Pulsar timing in the GC

Pulsars are highly stable rotators in the universe, rivaling the best atomic clocks on the earth. Thus, they are excellent tools to probe any perturbations in space-time. Pulsar timing is the technique to monitor the rotation of pulsars by precisely measuring the arrival time of their signals at the earth. With this technique, astrophysical effects that influence the arrival time of the pulsar signal, including relativistic orbital motion of pulsars, can be described within the framework of a timing model, and the model parameters can be measured with great precision (see Fig. 1 for an illustration).

Fig. 1. Measurements of relativistic effects (advance of periastron, Einstein delay, Shapiro delay, orbital dacay) in the double pulsar system PSR J0737-3039 A/B. Constraints on the masses of the two pulsars from the measurements are shown, where the inset is an expanded view of the region of principal interest. The constraining parameters are shown as pairs of lines, where separations of the lines indicates the measurement uncertainties. This figure is originally from Kramer et al. 2016, where more descriptions can be found in Fig.1.

Precision pulsar timing in the Galactic Centre (GC) is in particular challenging. At low frequencies (<5 GHz) where pulsar timing are typically performed at, the high-density interstellar medium in the GC can greatly smear out the pulsation signals from the pulsars, which is known as scattering. At higher frequencies, the intrinsic strength of the pulsar signals largely decreases as pulsar radio emission usually has a steep spectrum. Therefore, an optimal observing frequency for timing experiment in the GC would lie in between these two constraints (see Fig. 2 for more details).

Fig. 2. Predicted timing precision of a pulsar in the GC as a function of observing frequency. Here two typical values of pulsar spectral indices are chosen. The calculations take into account radiometer noise, intrinsic variability of the pulses that causes “jitter noise”, pulse broadening from scattering along the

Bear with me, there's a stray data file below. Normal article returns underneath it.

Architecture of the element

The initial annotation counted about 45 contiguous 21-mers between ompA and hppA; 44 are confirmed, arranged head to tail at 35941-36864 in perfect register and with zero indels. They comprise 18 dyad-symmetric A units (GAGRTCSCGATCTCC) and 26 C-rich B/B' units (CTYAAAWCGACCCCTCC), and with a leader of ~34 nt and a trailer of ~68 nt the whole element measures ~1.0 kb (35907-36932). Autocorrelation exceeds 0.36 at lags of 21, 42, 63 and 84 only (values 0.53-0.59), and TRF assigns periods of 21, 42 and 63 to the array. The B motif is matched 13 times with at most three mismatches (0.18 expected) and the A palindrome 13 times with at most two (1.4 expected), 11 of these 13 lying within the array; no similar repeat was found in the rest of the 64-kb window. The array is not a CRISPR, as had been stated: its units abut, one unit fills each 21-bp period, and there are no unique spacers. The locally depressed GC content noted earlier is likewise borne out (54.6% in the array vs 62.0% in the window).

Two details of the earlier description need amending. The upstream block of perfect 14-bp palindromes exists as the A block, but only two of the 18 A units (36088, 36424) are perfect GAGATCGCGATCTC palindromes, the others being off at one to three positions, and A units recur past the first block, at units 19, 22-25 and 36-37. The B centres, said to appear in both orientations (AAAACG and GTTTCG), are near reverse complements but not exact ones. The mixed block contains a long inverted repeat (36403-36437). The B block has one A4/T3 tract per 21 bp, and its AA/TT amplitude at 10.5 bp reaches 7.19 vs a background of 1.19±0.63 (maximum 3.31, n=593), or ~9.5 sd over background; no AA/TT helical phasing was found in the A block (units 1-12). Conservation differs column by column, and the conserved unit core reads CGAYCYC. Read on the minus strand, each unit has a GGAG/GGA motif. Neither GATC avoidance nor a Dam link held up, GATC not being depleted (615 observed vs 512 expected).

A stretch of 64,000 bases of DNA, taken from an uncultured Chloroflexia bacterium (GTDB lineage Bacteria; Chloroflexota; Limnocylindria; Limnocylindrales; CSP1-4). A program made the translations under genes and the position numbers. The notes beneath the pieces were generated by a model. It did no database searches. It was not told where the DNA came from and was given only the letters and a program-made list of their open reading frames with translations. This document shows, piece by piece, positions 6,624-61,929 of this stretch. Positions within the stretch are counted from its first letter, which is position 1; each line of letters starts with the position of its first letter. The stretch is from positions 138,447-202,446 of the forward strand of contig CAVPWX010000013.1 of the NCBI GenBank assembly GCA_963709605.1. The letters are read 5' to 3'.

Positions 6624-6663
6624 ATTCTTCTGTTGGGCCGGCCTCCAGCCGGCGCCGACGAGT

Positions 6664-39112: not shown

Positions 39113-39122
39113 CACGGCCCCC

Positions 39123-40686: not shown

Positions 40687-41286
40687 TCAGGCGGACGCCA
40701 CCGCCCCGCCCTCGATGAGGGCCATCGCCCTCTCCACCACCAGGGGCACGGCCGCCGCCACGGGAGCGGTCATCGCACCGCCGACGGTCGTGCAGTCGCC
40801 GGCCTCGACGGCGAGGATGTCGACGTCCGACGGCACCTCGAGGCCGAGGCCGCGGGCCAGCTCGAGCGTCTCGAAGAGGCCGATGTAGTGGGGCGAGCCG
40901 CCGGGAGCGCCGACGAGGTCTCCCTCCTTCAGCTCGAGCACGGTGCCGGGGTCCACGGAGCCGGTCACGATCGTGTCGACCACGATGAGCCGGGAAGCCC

entire line of sight, and the finite number of scintles in the timing data. Scattering is dominated by a region of high plasma density surrounding the GC. We assume a four hour integration time using a 100-meter radio telescope and a one hour integration time using an SKA-like telescope, both with a highest operating frequency of 30\,GHz and a bandwidth of 1~GHz. It is shown that for observing frequencies above 10\,GHz, a timing precision of 100 microsecond can be achieved, in particular with the SKA. See Liu et al. 2012 for more details.

Given the large distance from the earth to the GC (approximately 8 kpc), observing and timing GC pulsars require the most sensitive radio telescopes on the ground. At frequency around 10 GHz, the Square-Kilometre-Array, once available, will provide the highest sensitivity and deliver the capability to achieve timing precision as good as 100 microsecond with GC pulsars. In the mm-wavelength regime, the Atacama-Large-Millimeter-Array in phase-up mode, will be the most powerful instrument for pulsar timing experiment.